Tag Archives: Sportsmanship

The unwritten rules of slo-pitch

Finally, a master list of  slo-pitch rules.  This is for hitters, fielders, pitchers, umpires and even spectators.  The world would be a rosy place if we could all just remember these 15 points.

Rules are in no particular order, except for #1 and #2 which are essential to a game being played in an efficient manner.

  1. Hitters – Always take the first-pitch.
  2. Pitchers – Always throw a first-pitch strike.
  3. Spitz are communal.  If you don’t want to share, leave them in your car.
  4. Umpires – Always call your own guy “out” on close plays.  It’s better for your buddy to bust YOUR chops over the call than some “Gary Go-Hard” getting in your face.
  5. Umpires – If it’s a “foul ball”, yell like your hair is on fire.  Don’t make any baserunners or fielders run for no reason.
  6. Spectators – Shag up those foul balls.  The extra steps add up on your fitbit.
  7. Umpires – If the pitch is a “strike”, make an audible noise so the outfielders can hear you.  If it’s a “ball”, silence is ok.
  8. Clean up your empties and garbage.
  9. Never throw behind the runner.
  10. Always hustle in and out of the dugout.
  11. Don’t try to hit up the middle.
  12. If you accidentally hit up the middle, apologize.
  13. If your 10th guy is a little late…start with 9 and take the auto-out.  Don’t stall.
  14. Clean up your bats from the on-deck circle.
  15. “Three Cheers” should be done with purpose.
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Northlands: October 6, 1990

My favourite Northlands moment came on Saturday October 6, 1990.  It was my first Oiler game.  The home-building company my father worked for had season tickets.  He must have had a good month, because that Saturday night was the home opener.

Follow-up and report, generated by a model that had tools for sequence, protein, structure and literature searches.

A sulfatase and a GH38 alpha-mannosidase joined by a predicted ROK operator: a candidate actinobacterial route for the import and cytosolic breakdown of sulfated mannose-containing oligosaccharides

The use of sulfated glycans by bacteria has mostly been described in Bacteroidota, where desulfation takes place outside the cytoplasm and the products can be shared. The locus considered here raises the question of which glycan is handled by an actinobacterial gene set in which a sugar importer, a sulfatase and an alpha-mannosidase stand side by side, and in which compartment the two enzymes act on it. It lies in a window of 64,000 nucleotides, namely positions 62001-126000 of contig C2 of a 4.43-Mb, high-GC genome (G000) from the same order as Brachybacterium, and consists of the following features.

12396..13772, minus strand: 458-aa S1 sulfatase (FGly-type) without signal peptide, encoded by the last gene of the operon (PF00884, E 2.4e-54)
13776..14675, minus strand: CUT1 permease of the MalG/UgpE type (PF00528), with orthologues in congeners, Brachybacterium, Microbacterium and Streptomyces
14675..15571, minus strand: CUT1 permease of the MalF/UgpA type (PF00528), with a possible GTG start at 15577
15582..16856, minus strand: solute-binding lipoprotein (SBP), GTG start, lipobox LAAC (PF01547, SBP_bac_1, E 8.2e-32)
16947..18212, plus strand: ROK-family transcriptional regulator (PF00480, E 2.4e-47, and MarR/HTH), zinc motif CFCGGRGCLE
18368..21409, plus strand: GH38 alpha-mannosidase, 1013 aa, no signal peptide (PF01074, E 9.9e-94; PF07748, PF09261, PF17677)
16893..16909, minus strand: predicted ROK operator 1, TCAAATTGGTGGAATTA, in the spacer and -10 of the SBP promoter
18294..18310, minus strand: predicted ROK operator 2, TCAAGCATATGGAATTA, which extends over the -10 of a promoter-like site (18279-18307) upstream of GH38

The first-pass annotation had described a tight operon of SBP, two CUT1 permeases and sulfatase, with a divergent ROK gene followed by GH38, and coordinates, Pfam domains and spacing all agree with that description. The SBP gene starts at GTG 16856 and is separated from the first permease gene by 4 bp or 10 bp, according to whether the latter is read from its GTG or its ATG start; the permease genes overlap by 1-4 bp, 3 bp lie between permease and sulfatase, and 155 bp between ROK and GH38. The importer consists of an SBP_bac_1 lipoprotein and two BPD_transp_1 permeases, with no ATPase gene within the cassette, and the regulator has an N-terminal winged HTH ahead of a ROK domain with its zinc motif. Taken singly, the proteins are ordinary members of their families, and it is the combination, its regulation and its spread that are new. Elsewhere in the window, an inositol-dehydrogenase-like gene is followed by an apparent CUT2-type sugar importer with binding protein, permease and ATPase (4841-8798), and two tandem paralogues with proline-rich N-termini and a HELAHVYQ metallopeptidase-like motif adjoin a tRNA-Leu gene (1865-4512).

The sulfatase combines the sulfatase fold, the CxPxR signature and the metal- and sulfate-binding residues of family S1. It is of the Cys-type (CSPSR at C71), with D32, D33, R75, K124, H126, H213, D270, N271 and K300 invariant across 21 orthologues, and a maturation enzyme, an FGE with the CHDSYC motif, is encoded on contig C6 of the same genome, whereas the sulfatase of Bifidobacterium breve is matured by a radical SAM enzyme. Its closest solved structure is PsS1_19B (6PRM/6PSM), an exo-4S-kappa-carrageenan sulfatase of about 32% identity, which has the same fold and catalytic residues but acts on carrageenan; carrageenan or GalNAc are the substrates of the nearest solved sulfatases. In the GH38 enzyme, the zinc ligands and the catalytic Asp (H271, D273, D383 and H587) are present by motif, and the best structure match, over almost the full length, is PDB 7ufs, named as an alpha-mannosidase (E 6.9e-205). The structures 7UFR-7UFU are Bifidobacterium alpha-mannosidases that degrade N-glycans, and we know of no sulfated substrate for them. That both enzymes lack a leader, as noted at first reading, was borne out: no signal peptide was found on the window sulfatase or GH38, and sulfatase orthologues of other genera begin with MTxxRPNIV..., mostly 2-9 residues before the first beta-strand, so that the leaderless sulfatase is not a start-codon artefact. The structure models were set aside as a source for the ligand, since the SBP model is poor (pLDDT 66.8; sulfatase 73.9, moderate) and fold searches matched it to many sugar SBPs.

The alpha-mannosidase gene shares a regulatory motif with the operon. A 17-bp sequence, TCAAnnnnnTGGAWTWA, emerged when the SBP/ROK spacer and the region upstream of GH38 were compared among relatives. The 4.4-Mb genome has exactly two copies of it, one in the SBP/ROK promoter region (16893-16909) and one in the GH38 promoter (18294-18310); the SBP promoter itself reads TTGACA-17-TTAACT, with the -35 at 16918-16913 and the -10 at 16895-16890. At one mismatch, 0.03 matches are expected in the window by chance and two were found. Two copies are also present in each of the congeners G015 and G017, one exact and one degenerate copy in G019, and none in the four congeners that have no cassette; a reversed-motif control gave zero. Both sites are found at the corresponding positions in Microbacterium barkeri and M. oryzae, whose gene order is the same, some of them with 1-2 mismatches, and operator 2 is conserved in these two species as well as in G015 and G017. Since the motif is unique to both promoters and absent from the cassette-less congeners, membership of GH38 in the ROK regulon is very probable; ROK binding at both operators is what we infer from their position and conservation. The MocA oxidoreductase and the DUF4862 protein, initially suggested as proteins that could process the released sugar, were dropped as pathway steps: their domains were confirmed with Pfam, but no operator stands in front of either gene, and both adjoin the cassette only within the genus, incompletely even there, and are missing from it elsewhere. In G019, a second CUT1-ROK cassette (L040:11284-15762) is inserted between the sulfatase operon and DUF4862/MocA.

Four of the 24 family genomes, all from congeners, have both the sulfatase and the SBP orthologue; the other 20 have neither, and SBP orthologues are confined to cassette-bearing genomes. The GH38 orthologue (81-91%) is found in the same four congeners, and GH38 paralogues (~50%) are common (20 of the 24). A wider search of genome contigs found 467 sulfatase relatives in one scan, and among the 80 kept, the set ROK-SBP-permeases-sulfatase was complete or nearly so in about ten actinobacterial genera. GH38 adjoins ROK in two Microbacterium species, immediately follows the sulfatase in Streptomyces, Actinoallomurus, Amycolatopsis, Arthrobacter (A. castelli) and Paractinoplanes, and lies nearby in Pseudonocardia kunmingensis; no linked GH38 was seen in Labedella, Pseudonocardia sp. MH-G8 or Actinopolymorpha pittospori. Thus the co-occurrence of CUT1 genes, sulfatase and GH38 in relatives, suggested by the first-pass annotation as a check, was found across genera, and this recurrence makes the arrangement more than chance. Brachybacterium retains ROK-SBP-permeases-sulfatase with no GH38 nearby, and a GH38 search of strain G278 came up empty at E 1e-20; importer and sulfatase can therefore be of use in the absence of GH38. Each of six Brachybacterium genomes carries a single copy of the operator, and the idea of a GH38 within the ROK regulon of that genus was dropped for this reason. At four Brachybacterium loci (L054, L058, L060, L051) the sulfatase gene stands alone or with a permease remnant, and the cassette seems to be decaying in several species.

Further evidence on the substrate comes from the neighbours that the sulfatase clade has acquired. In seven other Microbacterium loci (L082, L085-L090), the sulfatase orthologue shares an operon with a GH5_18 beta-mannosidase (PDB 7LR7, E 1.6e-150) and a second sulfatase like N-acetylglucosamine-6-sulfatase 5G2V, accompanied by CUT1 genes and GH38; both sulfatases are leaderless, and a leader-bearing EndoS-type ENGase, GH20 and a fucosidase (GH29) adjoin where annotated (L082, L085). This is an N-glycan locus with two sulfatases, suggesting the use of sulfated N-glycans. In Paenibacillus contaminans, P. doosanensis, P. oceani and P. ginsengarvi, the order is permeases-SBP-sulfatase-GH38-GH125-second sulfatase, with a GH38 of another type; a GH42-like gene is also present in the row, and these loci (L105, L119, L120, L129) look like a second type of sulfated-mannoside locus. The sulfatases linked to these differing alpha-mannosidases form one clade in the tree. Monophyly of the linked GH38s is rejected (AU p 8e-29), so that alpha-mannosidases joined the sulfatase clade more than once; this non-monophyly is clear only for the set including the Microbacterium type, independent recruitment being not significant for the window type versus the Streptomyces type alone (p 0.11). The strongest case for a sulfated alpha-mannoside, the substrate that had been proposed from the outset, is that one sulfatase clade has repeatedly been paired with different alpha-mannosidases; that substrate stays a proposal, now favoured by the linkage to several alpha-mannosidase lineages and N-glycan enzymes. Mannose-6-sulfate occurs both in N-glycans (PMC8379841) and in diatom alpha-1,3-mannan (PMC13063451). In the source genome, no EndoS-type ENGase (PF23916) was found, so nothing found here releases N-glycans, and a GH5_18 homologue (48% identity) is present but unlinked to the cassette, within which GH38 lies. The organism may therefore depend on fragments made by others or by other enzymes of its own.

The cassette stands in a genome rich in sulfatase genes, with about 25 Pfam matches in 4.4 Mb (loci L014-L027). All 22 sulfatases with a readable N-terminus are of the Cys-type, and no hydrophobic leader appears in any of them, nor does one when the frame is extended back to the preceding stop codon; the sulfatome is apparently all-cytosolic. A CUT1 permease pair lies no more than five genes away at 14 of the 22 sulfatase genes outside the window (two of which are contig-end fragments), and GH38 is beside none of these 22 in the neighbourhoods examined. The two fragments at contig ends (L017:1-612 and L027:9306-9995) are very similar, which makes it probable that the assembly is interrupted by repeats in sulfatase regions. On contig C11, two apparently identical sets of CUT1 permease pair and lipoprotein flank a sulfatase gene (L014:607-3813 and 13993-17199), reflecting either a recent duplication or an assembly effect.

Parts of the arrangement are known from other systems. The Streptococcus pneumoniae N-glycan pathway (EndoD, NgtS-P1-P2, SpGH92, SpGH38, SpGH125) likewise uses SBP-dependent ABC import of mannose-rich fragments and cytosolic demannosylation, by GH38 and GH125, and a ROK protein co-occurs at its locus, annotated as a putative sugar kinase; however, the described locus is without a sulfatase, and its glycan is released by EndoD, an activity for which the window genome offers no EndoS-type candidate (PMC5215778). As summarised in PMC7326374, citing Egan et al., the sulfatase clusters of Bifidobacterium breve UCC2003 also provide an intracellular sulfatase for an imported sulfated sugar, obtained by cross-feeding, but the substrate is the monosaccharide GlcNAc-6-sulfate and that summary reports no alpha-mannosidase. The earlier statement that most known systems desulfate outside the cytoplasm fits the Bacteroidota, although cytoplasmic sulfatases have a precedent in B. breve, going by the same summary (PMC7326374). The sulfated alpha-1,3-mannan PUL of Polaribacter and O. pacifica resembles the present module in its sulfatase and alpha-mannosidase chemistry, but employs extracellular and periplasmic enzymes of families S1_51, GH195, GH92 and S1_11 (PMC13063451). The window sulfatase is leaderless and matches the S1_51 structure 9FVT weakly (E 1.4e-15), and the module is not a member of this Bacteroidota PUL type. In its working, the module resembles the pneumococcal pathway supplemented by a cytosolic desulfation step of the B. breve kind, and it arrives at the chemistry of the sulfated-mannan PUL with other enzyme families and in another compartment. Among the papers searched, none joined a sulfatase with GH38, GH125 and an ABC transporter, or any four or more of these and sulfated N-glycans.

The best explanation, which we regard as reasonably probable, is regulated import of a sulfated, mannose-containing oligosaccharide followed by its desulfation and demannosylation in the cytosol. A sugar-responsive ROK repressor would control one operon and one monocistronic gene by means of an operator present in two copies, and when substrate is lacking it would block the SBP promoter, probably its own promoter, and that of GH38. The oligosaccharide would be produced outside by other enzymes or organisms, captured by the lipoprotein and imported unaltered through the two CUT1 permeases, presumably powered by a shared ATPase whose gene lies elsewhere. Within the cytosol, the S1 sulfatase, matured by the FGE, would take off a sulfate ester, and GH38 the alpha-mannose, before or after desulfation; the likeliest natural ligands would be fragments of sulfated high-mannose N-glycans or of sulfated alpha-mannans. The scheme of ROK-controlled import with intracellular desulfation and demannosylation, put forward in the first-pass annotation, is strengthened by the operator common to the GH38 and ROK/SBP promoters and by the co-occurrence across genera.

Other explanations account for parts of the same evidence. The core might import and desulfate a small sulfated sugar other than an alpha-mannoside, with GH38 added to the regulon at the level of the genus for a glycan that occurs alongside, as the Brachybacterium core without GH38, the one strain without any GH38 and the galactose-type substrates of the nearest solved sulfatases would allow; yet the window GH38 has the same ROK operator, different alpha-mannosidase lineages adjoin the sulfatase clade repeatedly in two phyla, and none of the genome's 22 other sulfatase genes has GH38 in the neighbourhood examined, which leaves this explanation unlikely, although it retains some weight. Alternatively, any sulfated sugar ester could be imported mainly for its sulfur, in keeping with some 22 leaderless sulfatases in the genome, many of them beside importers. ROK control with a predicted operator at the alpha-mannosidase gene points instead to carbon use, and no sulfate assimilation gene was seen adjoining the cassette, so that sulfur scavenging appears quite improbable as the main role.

The Oilers had just won their 5th Stanley Cup, and during the pre-game ceremony team officials rolled the trophy in question onto the ice.  Even from high in the stands, The Cup looked massive and sparkled like a ten-foot diamond on a Christmas tree.

The home team was announced and Mark Messier was given the loudest ovation.  There was a smoke-machine (!) and what would now pass as the appropriate lighting production for a 6 year old’s birthday party. Hey, it was 1990!

Then it happened.  Just as the visiting Winnipeg Jets were announced, something I had never witnessed in person before began to happen.

Grown men started boo’ing.  Children began jeering.  Women were cussing.  It was the most unruly thing I had ever seen or heard as an 11 year-old!  Confused, and perhaps caught in the moment, I began to boo too!  “Boooooooooooo!”, I hollered.  I managed only one “mini-boo” before my Mother let me know that it was not polite and I was to stop immediately!  I’m guessing she was thinking, “Phil Housley, Thomas Steen and Ed Olczyk seem to be decent guys.  My child should not be calling them down at work.”

I don’t remember a single goal in the 3-3 tie (but I do remember going to Boston Pizza for dinner, delicious).  Thanks for the memory and the lesson in sportsmanship, Mom!

 

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